Date: Oct 27, 2020
Keller and Heckman Partners James Votaw and Tom Berger were quoted in the Chemical Watch article, “What Might the U.S. Election Mean to TSCA Policy.” The article discusses how the U.S. Presidential election on November 3 could lead to significant changes in how the Environmental Protection Agency (EPA) implements TSCA.
A Joe Biden win would mean appointing new leadership at the EPA and signify a new, broader approach on TSCA risk evaluations, a reevaluation of recently proposed rules from the Trump administration, and even action to finalize chemical restrictions that have languished since they were proposed under the Obama administration. If voters side with President Trump, the EPA’s current approach on chemicals policy will probably continue, further solidifying the administration’s stamp on implementing the Lautenberg Act amendments to the nation’s main chemicals law.
Mr. Votaw noted that, should Mr. Biden win, there is likely to be an "immediate review of pending litigation,” with the new administration deciding the strategy to take on cases such as the current legal challenge to EPA’s risk evaluation for methylene chloride as well as reviewing regulations in the works and litigation underway. He further noted that there has been legislation backing up in the House and unable to move through the Republican-controlled Senate. A flip in the Senate control could free the logjam.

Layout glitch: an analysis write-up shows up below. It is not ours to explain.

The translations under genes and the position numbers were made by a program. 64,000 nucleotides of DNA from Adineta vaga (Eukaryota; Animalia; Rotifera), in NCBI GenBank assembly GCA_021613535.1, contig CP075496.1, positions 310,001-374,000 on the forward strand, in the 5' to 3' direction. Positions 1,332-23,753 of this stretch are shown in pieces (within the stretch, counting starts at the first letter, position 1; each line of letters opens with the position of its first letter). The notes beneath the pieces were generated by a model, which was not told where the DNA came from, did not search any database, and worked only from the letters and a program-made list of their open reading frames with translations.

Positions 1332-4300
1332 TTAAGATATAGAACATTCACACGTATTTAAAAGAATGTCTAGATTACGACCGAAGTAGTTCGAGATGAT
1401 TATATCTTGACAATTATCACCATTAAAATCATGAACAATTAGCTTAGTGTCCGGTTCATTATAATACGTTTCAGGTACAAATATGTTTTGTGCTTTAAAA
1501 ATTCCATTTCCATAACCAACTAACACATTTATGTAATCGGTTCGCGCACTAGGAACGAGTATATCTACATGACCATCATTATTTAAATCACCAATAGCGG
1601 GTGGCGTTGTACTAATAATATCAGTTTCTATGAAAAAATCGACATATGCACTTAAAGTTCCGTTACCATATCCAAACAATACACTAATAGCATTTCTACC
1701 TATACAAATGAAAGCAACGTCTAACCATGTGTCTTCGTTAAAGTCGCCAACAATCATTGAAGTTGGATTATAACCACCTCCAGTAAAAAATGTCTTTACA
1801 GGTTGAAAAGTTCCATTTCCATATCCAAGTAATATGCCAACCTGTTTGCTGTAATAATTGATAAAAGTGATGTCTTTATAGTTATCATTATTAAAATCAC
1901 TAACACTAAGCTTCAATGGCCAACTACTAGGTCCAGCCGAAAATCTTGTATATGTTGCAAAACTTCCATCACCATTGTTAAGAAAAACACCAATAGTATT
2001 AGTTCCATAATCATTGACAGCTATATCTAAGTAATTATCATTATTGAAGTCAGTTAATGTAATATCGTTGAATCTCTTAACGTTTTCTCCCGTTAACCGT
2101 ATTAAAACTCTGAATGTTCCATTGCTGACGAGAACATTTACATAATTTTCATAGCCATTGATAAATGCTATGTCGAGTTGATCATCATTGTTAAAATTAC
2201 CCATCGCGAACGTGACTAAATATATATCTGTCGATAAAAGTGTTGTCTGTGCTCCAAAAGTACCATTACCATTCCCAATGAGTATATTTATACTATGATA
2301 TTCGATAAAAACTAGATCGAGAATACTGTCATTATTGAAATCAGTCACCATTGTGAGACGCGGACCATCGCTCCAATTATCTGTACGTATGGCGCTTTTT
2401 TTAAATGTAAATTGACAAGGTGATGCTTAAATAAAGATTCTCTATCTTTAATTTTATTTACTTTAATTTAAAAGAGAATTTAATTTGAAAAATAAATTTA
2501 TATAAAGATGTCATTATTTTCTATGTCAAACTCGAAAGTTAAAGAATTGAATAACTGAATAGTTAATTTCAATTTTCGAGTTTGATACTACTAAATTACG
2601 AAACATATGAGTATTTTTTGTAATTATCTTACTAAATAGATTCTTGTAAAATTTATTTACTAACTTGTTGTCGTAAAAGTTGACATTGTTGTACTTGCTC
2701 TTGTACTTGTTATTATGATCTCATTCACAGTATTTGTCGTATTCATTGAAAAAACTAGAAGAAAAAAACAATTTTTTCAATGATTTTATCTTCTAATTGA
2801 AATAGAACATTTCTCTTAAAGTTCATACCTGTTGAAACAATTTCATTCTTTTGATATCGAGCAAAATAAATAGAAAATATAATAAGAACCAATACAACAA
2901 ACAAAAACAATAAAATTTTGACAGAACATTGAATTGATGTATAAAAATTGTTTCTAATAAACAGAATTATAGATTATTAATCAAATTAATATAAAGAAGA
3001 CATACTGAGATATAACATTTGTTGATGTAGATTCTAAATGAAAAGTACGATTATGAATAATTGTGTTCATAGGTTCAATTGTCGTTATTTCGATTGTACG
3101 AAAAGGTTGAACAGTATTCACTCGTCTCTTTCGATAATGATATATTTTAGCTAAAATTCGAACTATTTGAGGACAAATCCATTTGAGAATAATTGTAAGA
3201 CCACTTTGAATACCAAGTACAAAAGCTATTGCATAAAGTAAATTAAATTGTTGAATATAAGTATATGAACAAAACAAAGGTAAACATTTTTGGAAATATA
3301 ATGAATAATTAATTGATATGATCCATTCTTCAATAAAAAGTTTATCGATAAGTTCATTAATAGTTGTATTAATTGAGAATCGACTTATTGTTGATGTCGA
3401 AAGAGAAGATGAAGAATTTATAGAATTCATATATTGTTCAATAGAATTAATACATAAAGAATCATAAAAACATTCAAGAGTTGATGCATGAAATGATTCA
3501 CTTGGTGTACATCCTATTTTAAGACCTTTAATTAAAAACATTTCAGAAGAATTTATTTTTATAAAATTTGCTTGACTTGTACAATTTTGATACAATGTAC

It "would not be unusual" to see a pause on actions that do not reflect the new administration’s policies, Mr. Votaw noted. This could encompass anything that is not yet complete or reached the point of final agency action, he said.
Some areas will be a focus for the EPA regardless of who wins. These include updates to the new chemicals review process and a procedural rule to govern the TSCA risk management process for reviews of existing chemicals.
The EPA’s new chemicals review process under TSCA section 5 needs to, and will, change "no matter who sits in the White House on 20 January," Mr. Berger said. The procedural requirements for new chemical reviews were not amended following the 2016 changes to TSCA. As a result, he said, the EPA’s rules, as they are written now, "are inconsistent with the statute and have gaps."
To read the full article, please click here (membership required).